This is primarily just my scattershot notes on getting myself ready for
Python and C development on Mac. It really is a confusing picture as to
how to get started with Python development on the Mac. You can get a
bunch of bits and pieces from the official Mac page for Python , the
Python/Mac FAQ and a few other places, but it's hard to put it al
together to understand how The OS X bundled Python, MacPython, Fink,
MacPorts, framework or non framework, etc. all fit together, and how to
navigate the options. It didn't help that important Wiki pages such as
the FAQ had been vandalized, and I was not able to fix it for some
It seems to me that the reason for all this confusion is that a person just needing to run some cool Python script they downloaded would go about things in a very different way from someone like me who needs to heavily maintain software that uses advanced Python/C facilities. It all comes down to the split personality that comes from the OS X way of life superimposed upon the UNIX way of life.
Picking a distribution
- this note about how to use distutils to build a redistributable package MacPython, and these follow-ups: 1 2 3.
- This note on Uninstalling MacPython
The key section from the FAQ is the following, pasted from the diff of the vandalized page:
Q: Python overload! I've got Apple's Python, Jack's Python, Fink's Python... A: Newcomers to Python-on-X are often confused by the several distributions of Python available. Each flavor has a history and a reason for existance, but if you're starting out, you probably want to look at the "official unofficial" builds of MacPython 2.4 on http://undefined.org/python and install additional packages like numarray or PIL from http://pythonmac.org/packages. These builds have a feature set that supersedes that of the beloved 'official MacPython builds' by Jack Jansen and solve many of the obstacles that are described by the FAQ entries on this page.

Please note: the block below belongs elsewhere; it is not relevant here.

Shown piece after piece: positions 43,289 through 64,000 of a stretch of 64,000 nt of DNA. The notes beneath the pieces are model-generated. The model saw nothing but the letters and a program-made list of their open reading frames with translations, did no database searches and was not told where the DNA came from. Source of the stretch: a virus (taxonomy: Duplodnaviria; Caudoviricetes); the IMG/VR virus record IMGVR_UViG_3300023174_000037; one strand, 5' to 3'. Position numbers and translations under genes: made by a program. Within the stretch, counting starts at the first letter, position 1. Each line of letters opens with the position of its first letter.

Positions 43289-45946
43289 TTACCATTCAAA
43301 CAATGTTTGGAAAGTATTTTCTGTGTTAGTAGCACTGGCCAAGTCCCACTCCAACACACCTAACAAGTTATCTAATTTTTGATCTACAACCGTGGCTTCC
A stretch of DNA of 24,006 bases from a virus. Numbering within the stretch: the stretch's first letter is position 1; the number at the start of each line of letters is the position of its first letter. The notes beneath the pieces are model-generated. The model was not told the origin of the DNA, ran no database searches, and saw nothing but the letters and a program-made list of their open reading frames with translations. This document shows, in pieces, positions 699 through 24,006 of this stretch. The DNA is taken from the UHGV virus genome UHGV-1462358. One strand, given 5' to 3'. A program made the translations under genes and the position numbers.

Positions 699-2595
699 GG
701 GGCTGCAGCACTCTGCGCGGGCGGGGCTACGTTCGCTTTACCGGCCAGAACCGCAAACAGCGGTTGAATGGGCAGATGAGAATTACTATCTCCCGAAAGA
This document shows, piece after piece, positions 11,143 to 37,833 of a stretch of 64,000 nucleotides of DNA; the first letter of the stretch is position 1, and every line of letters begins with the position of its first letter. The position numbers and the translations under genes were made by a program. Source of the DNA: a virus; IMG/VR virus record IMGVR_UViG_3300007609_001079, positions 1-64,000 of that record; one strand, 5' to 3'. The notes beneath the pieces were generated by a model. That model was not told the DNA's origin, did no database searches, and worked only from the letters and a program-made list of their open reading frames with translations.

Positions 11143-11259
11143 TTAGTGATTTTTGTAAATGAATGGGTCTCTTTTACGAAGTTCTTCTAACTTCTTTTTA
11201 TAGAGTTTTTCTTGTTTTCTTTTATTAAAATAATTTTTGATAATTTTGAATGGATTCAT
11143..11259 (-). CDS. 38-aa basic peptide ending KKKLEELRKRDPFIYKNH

I followed this advice and went with MacPython, but I also set up MacPorts for some flexibility (see below).
Getting started with MacPython (including setuptools)
I grabbed and installed python-2.5-macosx.dmg dmg/python-2.5-macosx.dmg from the page recommended in the FAQ.
I went with the approach of MacPython in system directories, but
packages I build from source in my home directory. This meant the
following in my
~/.profile, for a start, added after the "# Setting
PATH for MacPython 2.5" section added by the MacPython installer.
export PATH=$HOME/bin:/usr/local/bin:$PATH export PYVERSION=2.5 export PYSITE=$HOME/Library/Python/$PYVERSION/site-packages export PYTHONPATH=$PYSITE
And then the following in
[install] install_lib = ~/Library/Python/$py_version_short/site-packages install_scripts = ~/bin
I also had to do a one-time
mkdir ~/bin mkdir -p $PYSITE
I used setuptools for the first 4Suite and Amara install, following the
OS X specific
One wrinkle was that Firefox 188.8.131.52 refused to save the page with ez_setup.py so I could run it. I tried changing locations and all that to no avail. Smells like a bug. I just used Safari to get it in the end. I noticed that OS X doesn't seem to come with wget. After this set-up, a simple:
Worked like a champ, and so I had 4Suite and Amara installed. I also got them set up in CVS easily enough, with the above basic config in place.
Click Customize, expand the Applications category and click the checkbox beside X11 SDK to add it to the default items.
But the XCode 2.4.1dmg I got had "X11 SDK" greyed out. I just went ahead anyway, and it turns out you must install X11 itself before XCode will allow you to install the X11 SDK. Makes sense, but the instructions on the install page have this backward.
As for installing X11 itself, the page says:
Insert the OS X 10.4 installation DVD and run the package named Additional Software.
For the MacBook Pro the installation DVD is labeled "Mac OS X Install Disc 1". The package is actually named "Optional Installs". I clicked through until I got to the page where I could select X11:
You also need to use sudo for the ports update, which isn't clear in the instructions:
sudo port -vd selfupdate
And that's really about as far as I got. I installed MacPorts just to have it handy, just in case. I might first put it to use for wget, which I won't be able to live without very long, and really should come with OS X.